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David Chariandy is nominated for his novel Brother.JENNIFER ROBERTS/The Globe and Mail

The finalists for this year's Rogers Writers' Trust Fiction Prize, which were announced on Wednesday, should be twice as pleased as past nominees: This year's purse has been doubled, with $50,000 now awarded to the winner, making it one of the most-lucrative writing prizes in the country.

This year's shortlist is headed-up by David Chariandy, who last week was also longlisted for the Scotiabank Giller Prize; the jury called his novel, Brother, about two young men growing up in Scarborough, "an exceptional coming of age story and a poignant meditation on love, loss, and humanity."

Also on the list is former Globe and Mail reporter Omar El Akkad, who was recognized for his dystopian debut novel, American War, set in the United States a century from now; in their citation, the jury said it "grips the reader from its first page and never lets go."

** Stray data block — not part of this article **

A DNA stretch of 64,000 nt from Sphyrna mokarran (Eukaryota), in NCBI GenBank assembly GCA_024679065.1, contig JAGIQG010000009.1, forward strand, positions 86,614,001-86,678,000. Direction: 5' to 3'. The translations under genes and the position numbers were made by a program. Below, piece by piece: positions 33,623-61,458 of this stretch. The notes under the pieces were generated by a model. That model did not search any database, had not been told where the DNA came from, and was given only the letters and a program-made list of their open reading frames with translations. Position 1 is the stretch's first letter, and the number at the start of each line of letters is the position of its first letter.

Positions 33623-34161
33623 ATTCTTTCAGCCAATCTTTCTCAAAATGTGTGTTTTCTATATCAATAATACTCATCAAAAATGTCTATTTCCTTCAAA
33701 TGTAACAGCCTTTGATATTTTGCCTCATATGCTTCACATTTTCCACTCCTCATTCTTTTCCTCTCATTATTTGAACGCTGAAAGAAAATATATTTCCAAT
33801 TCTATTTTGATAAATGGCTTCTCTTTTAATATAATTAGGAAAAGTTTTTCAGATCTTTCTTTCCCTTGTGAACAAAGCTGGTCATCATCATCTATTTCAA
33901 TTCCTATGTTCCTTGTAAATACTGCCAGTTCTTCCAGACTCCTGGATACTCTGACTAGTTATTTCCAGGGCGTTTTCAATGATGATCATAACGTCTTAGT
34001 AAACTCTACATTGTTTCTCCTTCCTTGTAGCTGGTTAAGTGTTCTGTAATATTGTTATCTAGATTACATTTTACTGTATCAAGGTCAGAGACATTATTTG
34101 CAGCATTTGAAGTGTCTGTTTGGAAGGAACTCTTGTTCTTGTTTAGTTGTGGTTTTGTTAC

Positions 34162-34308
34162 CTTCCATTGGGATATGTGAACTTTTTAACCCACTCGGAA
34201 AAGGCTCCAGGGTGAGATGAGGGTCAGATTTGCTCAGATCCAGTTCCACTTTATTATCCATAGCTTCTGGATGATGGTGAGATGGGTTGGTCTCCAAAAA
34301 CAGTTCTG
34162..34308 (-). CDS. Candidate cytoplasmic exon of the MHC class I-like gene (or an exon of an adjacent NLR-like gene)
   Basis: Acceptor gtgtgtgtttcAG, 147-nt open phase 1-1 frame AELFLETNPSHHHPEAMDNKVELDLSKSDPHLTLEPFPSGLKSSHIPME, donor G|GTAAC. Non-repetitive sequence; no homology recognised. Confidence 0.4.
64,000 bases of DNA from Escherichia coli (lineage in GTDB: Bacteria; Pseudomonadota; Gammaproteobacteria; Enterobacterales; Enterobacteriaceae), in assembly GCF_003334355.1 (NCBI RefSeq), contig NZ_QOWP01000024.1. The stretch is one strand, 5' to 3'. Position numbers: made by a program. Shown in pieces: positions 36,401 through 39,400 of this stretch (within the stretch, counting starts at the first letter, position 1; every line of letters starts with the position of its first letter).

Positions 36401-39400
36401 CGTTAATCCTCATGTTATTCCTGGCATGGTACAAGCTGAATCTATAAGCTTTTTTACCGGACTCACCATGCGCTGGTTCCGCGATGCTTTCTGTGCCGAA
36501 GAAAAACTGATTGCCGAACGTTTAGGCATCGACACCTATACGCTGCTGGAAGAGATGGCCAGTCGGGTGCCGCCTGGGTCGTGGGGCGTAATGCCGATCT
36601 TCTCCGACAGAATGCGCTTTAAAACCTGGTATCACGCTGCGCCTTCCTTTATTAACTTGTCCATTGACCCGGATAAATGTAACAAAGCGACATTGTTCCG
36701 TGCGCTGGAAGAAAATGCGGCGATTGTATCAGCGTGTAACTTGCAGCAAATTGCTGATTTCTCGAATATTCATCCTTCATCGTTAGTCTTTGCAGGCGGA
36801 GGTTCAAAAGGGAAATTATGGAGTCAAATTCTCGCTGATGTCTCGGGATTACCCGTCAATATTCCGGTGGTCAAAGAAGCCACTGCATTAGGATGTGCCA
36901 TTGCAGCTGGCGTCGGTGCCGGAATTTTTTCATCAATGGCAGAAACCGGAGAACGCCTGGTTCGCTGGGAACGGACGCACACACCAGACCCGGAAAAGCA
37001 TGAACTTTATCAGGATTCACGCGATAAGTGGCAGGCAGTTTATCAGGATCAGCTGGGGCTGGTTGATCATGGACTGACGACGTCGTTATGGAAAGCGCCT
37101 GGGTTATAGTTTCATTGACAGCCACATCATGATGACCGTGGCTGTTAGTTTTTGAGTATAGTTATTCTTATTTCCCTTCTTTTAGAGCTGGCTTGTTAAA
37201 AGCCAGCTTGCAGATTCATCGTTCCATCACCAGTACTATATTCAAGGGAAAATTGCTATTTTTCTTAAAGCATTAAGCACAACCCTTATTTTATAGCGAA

Carleigh Baker, a regular contributor to The Globe and Mail, was nominated for her "skillfully woven tapestry of" short stories, Bad Endings, while Claire Cameron was shortlisted for her third novel, The Last Neanderthal, about two women separated by thousands of years, which the jury praised as "engrossing and inventive" and "feminist literature of the highest order."

Finally, Leanne Betasamosake Simpson was shortlisted for This Accident of Being Lost, which blurs the line between poetry and prose, and which the jury called "shimmering stories etched with humour, anger, and above all, love and kindess."

This year's jury – authors Tracey Lindberg, Christy Ann Conlin and Michael Christie – considered 141 books before choosing the finalists, who each receive $5,000.

The winner of this year's prize, along with the rest of the Writers' Trust of Canada awards, will be announced on November 14.